What do we mean when we say someone is normal? Who is a normal person? According to the most dictionaries, normal is explained as “being usual, typical, or standard”.  Anything that is more common in our societies are deemed to be normal. Because of this, anything uncommon is known to be abnormal, and unfortunately many people see abnormal things to be wrong, which is not the case. The fact that something is uncommon doesn’t make it wrong, and the fact that something is common doesn’t make it right.

Mental illnesses, like other recurrent illnesses like cancer, are not common. They are uncommon, and due to that the society discriminates a lot against such illnesses; mental illnesses in particular. And this is just because people do not understand these illnesses, and most people either haven’t come across it because it’s uncommon, or they prefer to be ignorant about it rather than learning about it.

What is a mental illness? A mental illness is a condition which causes serious disorder in a person’s behavior and thinking. There are so many mental illnesses such as Schizophrenia, Clinical Depression, Bipolar Depression, Borderline Personality Disorder, Post-Traumatic Stress Disorder, Psychosis, Bulimia, and Obsessive Compulsive Disorder, amongst others. These illnesses affect a persons thoughts, actions, and behavior, and makes life very difficult to manage like a normal person would. Most people with these mental illnesses will need therapy and/or medications to be stable enough to work and study like the normal person can.

Let me share some experiences with you.

Imagine you have been to the doctors several times due to some symptoms you don’t understand. You realize you lost all the hope you had to live, you suddenly feel so low and dark and you drown yourself in a drug, could be cigarettes, could be alcohol, anything that distracts your mind for a while, and eventually it begins to affect your work or your studies. You’re asked to stop the drugs and then you realize it has become an addiction. This low feeling also seems to have come to stay and you just cant shake it away. Some people begin to hear voices in their head, well they think they actually hear someone but its all in their head. For other people they can’t shake away the negative thoughts that constantly push them to do negative things. Work or studies is affected, and now everything is falling apart for a reason you don’t even understand yourself.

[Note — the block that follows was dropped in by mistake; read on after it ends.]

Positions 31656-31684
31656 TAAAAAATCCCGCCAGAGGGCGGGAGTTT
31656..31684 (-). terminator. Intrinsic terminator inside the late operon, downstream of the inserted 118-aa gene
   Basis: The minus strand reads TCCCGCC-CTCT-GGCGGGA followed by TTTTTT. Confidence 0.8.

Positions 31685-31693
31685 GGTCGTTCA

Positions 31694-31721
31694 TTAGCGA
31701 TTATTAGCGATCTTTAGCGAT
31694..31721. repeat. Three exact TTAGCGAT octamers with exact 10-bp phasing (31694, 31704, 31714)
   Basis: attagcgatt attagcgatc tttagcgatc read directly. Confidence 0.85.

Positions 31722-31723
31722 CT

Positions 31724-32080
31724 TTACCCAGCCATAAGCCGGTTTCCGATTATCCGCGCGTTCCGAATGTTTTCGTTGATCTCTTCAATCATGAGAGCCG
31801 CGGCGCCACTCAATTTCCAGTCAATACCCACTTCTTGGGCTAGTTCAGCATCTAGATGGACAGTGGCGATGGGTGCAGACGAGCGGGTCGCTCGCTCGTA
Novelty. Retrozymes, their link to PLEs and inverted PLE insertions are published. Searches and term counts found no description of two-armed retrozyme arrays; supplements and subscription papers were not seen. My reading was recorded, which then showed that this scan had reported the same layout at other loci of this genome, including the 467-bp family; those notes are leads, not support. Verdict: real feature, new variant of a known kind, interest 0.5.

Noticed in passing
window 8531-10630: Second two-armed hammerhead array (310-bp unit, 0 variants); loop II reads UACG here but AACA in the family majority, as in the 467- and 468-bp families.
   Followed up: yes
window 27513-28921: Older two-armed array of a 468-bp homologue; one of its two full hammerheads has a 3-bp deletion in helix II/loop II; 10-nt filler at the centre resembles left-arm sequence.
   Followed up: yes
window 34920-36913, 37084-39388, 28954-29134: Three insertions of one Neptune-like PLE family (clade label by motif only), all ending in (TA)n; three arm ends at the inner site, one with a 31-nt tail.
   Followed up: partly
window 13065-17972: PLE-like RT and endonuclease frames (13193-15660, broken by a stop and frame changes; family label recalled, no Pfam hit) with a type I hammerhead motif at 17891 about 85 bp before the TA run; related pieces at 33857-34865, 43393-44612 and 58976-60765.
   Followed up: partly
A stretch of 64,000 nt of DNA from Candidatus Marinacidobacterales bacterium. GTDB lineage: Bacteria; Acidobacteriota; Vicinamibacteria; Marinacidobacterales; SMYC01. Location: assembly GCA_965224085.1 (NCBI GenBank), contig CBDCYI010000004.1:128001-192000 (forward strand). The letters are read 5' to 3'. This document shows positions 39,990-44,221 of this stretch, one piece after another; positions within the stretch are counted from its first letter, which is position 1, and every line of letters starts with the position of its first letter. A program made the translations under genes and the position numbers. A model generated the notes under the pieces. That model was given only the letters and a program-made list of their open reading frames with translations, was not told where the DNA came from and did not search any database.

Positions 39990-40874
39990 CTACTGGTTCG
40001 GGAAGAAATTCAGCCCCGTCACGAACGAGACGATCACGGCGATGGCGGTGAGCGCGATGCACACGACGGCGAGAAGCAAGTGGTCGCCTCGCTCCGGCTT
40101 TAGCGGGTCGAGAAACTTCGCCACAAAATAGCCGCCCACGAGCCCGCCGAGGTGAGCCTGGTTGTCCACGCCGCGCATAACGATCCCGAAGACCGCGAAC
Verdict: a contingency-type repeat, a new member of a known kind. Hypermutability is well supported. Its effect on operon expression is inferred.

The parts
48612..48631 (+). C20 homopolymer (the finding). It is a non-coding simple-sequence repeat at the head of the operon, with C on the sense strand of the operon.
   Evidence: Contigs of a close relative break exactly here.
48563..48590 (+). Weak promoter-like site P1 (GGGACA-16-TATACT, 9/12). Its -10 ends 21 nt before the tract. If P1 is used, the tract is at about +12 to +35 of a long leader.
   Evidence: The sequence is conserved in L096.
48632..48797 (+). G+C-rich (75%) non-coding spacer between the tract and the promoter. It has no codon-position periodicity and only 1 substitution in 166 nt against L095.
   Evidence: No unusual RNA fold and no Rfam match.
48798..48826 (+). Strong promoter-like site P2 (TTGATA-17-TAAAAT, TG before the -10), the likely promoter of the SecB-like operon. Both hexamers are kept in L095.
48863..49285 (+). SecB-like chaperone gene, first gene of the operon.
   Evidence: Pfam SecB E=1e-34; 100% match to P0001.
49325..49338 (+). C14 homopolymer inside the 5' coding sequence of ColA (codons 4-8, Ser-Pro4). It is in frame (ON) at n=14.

You’re advised to visit the doctors’ for a therapy appointment, and you’re given a schedule like once or twice a week or month visit to the doctors. Finally one day you visit your doctor and he’s in there with a senior doctor smiling at you. You’re offered a seat, and then they tell you: “Darling, we have realized you’re experiencing all you have because of a condition called blah blah, let’s say Bipolar Depression. It’s not curable, but we can put you on some medications that can stabilize your moods, alongside constant therapy sessions.” Sometimes at worst if unlucky your diagnosis will even be more than one mental disorders. The doctors who are aware start calling you names like “darling”, “dear”, “sweetheart”, etc., to make you feel better.

Funny thing is that with physical illnesses once you’re diagnosed you begin to get love from friends, family, work or school colleagues, etc. Literally everyone sympathizes with you.

That is not the case with mental illnesses. Mental illnesses rather attracts mixed feelings from family and friends, and in very common yet unfortunate cases, discrimination and stigmatization, even in school or at the workplace.